Guest Post: Changing how we think of homelessness
June 6th, 2012
Guest post from Laurie Craft,Community Foundation Program Director
At Grand Rapids Community Foundation, we work to create a community that has all of the great qualities that West Michigan has—and to make it better. As an optimist, this is a great place to be. We have the opportunity and the resources to see change happen. But change does not happen overnight, and it is not without its casualties.
Consider the issue of homelessness – yes, it’s a big one. Relative to larger cities, Grand Rapids does not have a large and visible population of individuals “living on the street”. But the economic downturn has taken its toll across the country and though our regional economy is improving, those who are closest to the edge are impacted first and hardest, and those numbers are growing.
The Salvation Army’s Housing Assessment Program completed 8,815 intake assessments from people experiencing a housing crisis in 2011–a 21% increase over 2010. Most of those assessed (94%) reported that they made less than 40% of Area Median Income (or less than $24,120 for a family of four).
What does this mean?
It means that changing a system doesn’t happen overnight. Since 2004, our community has been working to end homelessness by changing the way we respond to it.
We try to prevent homelessness by providing short-term rent supports for people in crisis, allowing them to stay in their home while they get back on their feet. Housing a family of four in emergency shelter costs $3,000 a month; the same $3,000 could supplement a family’s rent payments for six months.
If people do become homeless, we provide resources (when available) so they can move back to permanent housing as quickly as possible. And we provide the systems and supports (like the data referred to above) to make sure that we can support and track the change, making course corrections as needed.
But change is not easy. We had many systems in place to support the homeless and they need to be reconfigured. Resources must be reallocated and people must change the way they think about homelessness – we no longer have the resources available to provide the levels of support we once did. None of this change happens overnight or without pain.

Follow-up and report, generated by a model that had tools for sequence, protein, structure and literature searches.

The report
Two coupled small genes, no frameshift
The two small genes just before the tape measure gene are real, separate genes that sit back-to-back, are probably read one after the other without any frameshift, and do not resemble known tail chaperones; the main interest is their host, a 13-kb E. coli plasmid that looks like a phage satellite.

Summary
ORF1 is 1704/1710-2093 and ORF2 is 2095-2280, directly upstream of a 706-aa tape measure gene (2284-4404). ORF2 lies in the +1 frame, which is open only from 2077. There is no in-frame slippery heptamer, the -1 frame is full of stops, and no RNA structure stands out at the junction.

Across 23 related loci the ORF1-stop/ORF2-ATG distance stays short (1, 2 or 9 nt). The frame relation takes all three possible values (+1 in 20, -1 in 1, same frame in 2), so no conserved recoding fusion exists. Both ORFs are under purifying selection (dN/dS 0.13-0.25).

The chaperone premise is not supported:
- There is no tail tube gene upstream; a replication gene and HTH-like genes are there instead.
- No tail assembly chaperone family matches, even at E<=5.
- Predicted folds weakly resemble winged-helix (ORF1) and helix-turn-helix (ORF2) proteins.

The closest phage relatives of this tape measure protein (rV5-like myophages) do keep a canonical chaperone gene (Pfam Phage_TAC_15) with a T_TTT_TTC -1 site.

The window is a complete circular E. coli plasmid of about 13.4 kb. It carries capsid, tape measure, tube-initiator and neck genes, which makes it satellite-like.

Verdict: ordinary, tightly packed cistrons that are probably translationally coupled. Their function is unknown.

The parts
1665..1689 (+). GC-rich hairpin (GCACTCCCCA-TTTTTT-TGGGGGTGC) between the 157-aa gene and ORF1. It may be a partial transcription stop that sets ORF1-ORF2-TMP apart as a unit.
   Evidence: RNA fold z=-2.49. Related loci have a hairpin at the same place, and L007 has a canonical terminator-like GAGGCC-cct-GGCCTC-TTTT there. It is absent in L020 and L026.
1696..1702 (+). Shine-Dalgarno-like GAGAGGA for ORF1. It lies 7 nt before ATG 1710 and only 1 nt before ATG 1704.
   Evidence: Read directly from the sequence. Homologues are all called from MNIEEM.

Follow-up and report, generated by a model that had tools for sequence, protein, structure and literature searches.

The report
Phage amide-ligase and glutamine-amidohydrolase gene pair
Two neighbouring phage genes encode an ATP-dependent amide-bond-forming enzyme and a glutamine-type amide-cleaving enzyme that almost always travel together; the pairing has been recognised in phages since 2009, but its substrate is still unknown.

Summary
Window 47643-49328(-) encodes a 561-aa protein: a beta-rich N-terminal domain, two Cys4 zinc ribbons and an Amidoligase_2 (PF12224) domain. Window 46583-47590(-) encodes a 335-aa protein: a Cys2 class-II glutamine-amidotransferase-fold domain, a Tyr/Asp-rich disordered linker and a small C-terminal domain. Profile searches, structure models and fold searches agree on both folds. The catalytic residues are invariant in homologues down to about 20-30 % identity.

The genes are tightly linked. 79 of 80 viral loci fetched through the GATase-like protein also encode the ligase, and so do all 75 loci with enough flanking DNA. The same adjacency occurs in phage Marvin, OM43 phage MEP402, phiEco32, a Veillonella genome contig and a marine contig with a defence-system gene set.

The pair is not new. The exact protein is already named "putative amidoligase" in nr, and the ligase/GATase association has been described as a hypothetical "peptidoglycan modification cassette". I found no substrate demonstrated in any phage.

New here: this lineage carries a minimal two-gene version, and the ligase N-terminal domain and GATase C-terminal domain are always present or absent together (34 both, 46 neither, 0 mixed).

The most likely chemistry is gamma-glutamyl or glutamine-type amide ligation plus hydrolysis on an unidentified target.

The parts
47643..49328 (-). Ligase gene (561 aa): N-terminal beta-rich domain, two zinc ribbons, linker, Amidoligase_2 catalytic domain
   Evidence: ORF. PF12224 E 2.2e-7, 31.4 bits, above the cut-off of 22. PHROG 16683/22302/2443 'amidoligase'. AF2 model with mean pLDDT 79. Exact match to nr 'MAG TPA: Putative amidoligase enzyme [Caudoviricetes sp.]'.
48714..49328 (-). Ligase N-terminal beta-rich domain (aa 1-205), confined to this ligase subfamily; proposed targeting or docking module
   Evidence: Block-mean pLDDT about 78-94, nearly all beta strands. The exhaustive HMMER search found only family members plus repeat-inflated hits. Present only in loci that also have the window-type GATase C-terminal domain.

We are making progress. But in this time of recovery, when we need it most, government resources are declining, as needs are increasing.
In order to pay for housing, one needs a job and transportation to get there. Housing that is safe, affordable and energy efficient enables families to stay housed. Food benefits supplement a family’s income making housing payments possible for low-income families that have difficult decisions to make.
All of these resources are at risk.
All of these systems need to change – to work better together, to identify and track indicators of success, and to advocate for policy change and resources at local, state and federal levels.
Change requires leadership and adaptability. Sometimes we don’t realize that until it’s too late.
Change happens here – just not as quickly as we would like.
Is there ever a good day to be homeless?
April 1st, 2010I'm sure it was the warm sunny weather or a pre-April Fool's Day idea of a joke but a tweet on Twitter caught my attention yesterday. Actually it wasn't from someone I know or follow - it was in the parlance of Twitter a "retweet" or a post that someone reposts. Nonetheless it read: "Today would be a great day to be homeless."
It was retweeted by more than one person so I can only assume it was found to be humorous. Now for those who know me even slightly know that I have a good sense of humor and I can say that unabashedly. I find humor in many things and situations. I find that many times humor helps to soften the harshness of a message, break the ice in a tense situation and may allow people to just simply laugh.
However, I find no humor in this tweet whatsoever. Even with the sun shining and warm temperatures thawing our winter weary souls, there is never a great day to be homeless.
The Foundation has for many years been steeped in efforts addressing the problems surrounding homelessness, affordable housing and all things relating to providing needed services to those most in need. Laurie Craft, a program director at the Foundation, is currently chairing the Coalition to End Homelessness which is led by Janay Brower who is steadfast in her "vision" to create the community conditions to eliminate or at least reduce the incidence of homelessness.
Now I have to confess that when the Vision to End Homelessness was initiated many years ago, the predecessor effort to the Coalition, I thought that ending homelessness was a pipe dream rather like "alleviating poverty" as the issue is so very complex. The GRCF staff boldly ignored my nay saying and become quite involved in this and we funded much of the planning that went into the Vision which has now morphed into the Coalition.
I'm pleased to say that the GRCF staff were right and I was just plain wrong. They were exercising excellent community leadership skills! Janay will be announcing some impressive statistics soon. Suffice it to say the Coalition along with the timely infusion of funding through the Essential Needs Task Force Fund created by a group of 17 foundations last year has made some significant inroads in addressing the complex issue of homelessness.
As an example in calendar year 2009, 5,118 persons experienced homelessness in Kent County. This represents a 15% decrease from the 6,022 persons reported in 2008. Not a trend quite yet but frankly I'll take it! And there is much more strong impact news on the horizon.
My message is simply this - regardless of the weather, there is never a good day to be homeless.